Tsarizm
Analysis

Transnistria: Waiting For Escalation

Transnistrisches Panzerdenkmal an der Dnisterbrücke in Bender, Transnistrien
Image by Julian Nyča

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The Ukraine war could soon spill over into Transnistria, Moldova’s breakaway region that has been under Russian control since 1992. If Kyiv and Chisinau launch a joint attack on Russian forces in the self-proclaimed republic, the Kremlin will undoubtedly face another humiliating geopolitical defeat.

For years Russia has been using Transnistria as an instrument against Moldova. Moscow, however, never recognized this entity – also known as Pridnestrovie, or Pridnestrovian Moldovan Republic (PMR) – as an independent country, despite the referendum that the de facto authorities in Tiraspol held in 2006. The only three states that recognize Transnistria are also disputed territories – Abkhazia, South Ossetia and Nagorno-Karabakh, also known as the Republic of Artsakh. Since March 15, for the Parliamentary Assembly of the Council of Europe, Pridnestrovie is a territory occupied by Russia, which means that, at least from the Western perspective, Moldova has full right to restore its sovereignty over the separatist region which is a home to just under 500,000 people.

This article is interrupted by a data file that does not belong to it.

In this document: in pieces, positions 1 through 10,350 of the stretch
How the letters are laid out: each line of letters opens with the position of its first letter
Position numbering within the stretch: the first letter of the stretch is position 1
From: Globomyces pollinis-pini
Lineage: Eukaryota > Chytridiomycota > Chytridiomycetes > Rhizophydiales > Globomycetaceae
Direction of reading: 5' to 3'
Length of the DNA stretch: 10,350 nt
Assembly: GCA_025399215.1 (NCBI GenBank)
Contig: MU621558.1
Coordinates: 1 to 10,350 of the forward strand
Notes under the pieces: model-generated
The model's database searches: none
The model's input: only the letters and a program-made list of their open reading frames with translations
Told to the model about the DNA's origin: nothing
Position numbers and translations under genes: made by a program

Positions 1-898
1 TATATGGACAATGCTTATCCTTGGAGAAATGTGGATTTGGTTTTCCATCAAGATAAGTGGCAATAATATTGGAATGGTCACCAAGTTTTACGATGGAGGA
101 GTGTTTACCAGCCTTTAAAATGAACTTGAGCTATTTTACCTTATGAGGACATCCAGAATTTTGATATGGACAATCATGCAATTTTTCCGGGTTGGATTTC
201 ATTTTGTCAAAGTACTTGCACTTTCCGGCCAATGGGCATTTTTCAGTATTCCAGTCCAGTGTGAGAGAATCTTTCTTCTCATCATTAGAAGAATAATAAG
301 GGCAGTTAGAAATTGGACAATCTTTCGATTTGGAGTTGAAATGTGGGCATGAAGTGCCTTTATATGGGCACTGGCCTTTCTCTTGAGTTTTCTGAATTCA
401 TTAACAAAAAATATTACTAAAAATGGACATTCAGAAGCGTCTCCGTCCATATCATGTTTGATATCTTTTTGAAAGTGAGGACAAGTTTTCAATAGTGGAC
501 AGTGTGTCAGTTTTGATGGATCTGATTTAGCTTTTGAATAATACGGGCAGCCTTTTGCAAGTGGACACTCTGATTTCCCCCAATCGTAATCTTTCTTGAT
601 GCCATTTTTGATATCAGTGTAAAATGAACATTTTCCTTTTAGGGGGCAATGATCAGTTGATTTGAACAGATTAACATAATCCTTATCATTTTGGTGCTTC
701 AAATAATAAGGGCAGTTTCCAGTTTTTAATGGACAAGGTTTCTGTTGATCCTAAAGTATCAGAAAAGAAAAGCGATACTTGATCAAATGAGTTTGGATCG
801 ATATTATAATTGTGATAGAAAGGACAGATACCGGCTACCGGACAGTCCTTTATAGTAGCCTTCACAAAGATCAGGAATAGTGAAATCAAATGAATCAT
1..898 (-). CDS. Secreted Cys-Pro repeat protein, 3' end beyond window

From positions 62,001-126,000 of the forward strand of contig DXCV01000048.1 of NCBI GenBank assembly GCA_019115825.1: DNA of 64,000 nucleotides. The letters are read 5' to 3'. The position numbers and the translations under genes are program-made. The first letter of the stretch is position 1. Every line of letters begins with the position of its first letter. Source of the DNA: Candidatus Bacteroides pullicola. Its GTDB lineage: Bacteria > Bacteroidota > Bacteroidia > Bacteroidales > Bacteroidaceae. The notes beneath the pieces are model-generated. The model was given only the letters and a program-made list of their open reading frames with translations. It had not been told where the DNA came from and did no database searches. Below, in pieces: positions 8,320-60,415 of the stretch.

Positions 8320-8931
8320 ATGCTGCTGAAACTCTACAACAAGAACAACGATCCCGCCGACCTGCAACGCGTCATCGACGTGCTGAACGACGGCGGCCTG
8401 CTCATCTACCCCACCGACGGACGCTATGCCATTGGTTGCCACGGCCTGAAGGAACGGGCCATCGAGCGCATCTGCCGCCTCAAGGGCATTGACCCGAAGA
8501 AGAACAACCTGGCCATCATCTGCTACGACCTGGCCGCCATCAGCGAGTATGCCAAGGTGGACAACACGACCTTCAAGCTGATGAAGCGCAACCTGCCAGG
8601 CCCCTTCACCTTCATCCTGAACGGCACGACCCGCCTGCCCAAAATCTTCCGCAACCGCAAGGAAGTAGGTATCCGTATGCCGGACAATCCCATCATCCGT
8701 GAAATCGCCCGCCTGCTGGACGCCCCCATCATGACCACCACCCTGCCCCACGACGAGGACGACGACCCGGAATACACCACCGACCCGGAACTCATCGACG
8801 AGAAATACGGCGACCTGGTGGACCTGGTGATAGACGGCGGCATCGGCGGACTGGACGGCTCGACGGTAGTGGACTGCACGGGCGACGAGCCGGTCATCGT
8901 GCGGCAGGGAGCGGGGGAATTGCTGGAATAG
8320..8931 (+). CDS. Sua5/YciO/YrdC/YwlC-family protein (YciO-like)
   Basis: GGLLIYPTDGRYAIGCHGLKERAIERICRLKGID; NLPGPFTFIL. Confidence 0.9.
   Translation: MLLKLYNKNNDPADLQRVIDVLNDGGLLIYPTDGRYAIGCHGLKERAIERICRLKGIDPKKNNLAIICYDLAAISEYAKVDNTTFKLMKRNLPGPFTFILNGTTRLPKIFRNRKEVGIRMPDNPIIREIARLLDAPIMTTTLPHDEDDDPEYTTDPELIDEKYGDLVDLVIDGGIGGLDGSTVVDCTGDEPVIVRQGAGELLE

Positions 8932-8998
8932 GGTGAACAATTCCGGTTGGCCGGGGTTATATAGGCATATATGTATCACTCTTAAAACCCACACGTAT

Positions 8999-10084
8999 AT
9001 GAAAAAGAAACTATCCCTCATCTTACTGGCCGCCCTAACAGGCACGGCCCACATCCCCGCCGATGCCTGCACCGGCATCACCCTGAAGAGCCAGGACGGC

Reports, however, suggest that many of them have already left Transnistria, fearing that it is a matter of time before hostilities breaks out. Indeed, the very fact that countries such as Israel, Bulgaria, Romania, United States, United Kingdom, France, Canada, Germany, and Russia have called on their citizens to leave Moldova and Transnistria as soon as possible, clearly suggest that another frozen conflict of the Soviet Union is coming back into play.